If I replace the transistor with a resistor, then I won't have the 50mA constant current source. I guess it won't matter much for the batteries; since I assume they would get more current -limited by the resistor- when they are discharged, and less when they are charged. I really don't know if this would be better than a constant current source; just did it this way because the mains charger says 50mA and thought this would be best to preserve the life-span of the batteries.
     
  8. t06afre

    AAC Fanatic!

    May 11, 2009
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    What kind of cells are you trying to charge
     
  9. BobTPH

    Active Member

    Jun 5, 2013
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    That is not a constant current source.

    Bob
     
  10. wayneh

    Expert

    Sep 9, 2010
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    I suppose you're right. This circuit relies on the current gain of the transistor (about 400 in this circuit) as the throttle on the current, and I'm not familiar at looking at such circuits that way. But I see now how it works; constant current as long as the gain is constant. The transistor is never fully on or off.
     
  11. ian field

    Distinguished Member

    Oct 27, 2012
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    It would be if the poster hadn't forgotten the emitter resistor - it would be even better one with the 23k resistor replaced by some kind of voltage reference, allegedly a green LED is quite well suited to this purpose.
     
  12. BobTPH

    Active Member

    Jun 5, 2013
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    Agree.

    Bob
     
  13. wayneh

    Expert

    Sep 9, 2010
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    I agree it could be improved, but it is a constant current source with adequate precision for the job, let's say ±10%. Voltage across that 33K resistor is more-or-less constant at 4.3V, so the base current is more-or-less constant and, as I noted, the transistor gain then controls the actual current. The resistor's value may wiggle and the transistor too, but overall these fluctuations are small enough to be tolerable in this application.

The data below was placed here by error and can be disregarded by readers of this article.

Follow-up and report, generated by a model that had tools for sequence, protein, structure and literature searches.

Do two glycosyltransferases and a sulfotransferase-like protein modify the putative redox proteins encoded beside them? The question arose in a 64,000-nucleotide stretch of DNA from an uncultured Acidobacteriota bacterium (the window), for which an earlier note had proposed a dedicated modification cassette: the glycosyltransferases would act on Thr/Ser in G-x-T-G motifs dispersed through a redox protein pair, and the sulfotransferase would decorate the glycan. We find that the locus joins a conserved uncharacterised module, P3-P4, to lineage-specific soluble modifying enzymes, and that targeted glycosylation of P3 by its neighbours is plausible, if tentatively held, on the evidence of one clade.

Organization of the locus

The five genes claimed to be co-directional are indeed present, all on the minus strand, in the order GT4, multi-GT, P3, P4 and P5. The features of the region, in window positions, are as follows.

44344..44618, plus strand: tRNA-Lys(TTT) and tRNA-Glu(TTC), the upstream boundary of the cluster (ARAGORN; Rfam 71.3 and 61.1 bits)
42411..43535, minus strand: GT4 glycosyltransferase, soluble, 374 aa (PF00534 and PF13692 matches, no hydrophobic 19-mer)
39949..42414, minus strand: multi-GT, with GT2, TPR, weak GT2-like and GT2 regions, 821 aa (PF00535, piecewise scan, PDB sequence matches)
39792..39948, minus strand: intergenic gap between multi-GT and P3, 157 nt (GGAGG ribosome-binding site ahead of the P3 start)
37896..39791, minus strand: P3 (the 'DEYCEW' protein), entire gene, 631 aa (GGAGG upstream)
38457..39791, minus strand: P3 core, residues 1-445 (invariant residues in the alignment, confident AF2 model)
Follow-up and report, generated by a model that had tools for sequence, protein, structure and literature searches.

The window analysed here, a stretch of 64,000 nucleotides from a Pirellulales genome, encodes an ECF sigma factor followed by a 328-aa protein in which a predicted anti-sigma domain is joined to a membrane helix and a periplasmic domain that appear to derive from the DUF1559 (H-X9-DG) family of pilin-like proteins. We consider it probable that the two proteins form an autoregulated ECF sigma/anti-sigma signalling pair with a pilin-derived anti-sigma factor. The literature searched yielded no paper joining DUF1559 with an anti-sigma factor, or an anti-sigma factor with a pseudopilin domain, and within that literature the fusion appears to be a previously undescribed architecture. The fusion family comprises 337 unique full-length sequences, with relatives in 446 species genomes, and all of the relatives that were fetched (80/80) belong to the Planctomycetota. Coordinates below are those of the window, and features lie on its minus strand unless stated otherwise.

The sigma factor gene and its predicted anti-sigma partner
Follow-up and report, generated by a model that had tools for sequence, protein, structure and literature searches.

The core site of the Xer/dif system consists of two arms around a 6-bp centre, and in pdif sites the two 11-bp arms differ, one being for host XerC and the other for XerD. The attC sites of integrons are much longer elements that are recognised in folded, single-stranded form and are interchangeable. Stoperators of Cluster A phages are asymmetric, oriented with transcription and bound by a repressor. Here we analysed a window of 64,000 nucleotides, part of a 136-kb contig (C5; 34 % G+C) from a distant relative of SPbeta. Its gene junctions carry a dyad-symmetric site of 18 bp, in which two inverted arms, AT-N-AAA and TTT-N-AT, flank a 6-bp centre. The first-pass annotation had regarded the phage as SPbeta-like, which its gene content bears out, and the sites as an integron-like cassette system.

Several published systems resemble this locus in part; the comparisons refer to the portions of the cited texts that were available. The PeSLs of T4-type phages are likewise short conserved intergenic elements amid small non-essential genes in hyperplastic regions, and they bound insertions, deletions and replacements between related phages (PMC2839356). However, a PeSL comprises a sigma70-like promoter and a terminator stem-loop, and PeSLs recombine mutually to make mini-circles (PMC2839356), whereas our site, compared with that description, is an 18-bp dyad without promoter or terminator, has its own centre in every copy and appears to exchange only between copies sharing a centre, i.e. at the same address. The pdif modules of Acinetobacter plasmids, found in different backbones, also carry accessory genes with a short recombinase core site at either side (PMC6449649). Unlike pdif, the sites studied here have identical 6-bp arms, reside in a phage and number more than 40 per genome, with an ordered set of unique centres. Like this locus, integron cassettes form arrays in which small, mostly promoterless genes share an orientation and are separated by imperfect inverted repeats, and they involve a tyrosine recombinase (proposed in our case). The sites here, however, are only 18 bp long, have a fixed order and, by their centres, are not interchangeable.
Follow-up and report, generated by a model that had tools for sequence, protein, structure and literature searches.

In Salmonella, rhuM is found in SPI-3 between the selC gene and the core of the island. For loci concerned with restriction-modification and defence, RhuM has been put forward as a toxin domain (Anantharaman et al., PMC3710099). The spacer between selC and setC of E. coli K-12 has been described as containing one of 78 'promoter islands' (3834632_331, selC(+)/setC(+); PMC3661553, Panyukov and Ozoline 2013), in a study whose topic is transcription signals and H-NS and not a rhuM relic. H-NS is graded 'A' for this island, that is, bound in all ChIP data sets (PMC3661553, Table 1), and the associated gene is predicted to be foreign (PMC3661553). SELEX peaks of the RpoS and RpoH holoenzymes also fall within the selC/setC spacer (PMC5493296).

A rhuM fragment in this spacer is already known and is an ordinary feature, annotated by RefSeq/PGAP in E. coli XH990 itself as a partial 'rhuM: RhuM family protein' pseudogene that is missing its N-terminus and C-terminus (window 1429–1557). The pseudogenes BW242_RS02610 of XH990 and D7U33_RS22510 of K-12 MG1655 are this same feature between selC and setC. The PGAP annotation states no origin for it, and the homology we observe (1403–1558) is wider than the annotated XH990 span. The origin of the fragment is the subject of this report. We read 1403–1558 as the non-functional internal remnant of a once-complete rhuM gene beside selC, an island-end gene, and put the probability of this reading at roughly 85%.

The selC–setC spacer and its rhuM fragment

14. ian field

    Distinguished Member

    Oct 27, 2012
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    A circuit as posted will LIMIT the current, but it won't be CONSTANT current by any stretch of the imagination!
     
  15. wayneh

    Expert

    Sep 9, 2010
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    Are you (Ian) arguing that the OP's observations are flawed?
     
  16. adam555

    Thread Starter Active Member

    Aug 17, 2013
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    It's meant to charge 2 x AAA NiMH rechargeable batteries in series.

    It's always 50mA whether the batteries are connected, disconnected, charged or discharged; and it's either used to charge the batteries or light the LED when the batteries are charged or disconnected. I can't figure out how I could achieve that with a resistor instead of the transistor.

    You're right. The original circuit from where I took the idea for the design had a emitter resistor. What happened is that when I was modifying the resistor values to change it to 50mA I noticed that I could take out the emitter resister and continue to achieve the exact same result. So I ended up taking it out of the design and it continues to maintain a fixed current of 50mA whatever the load.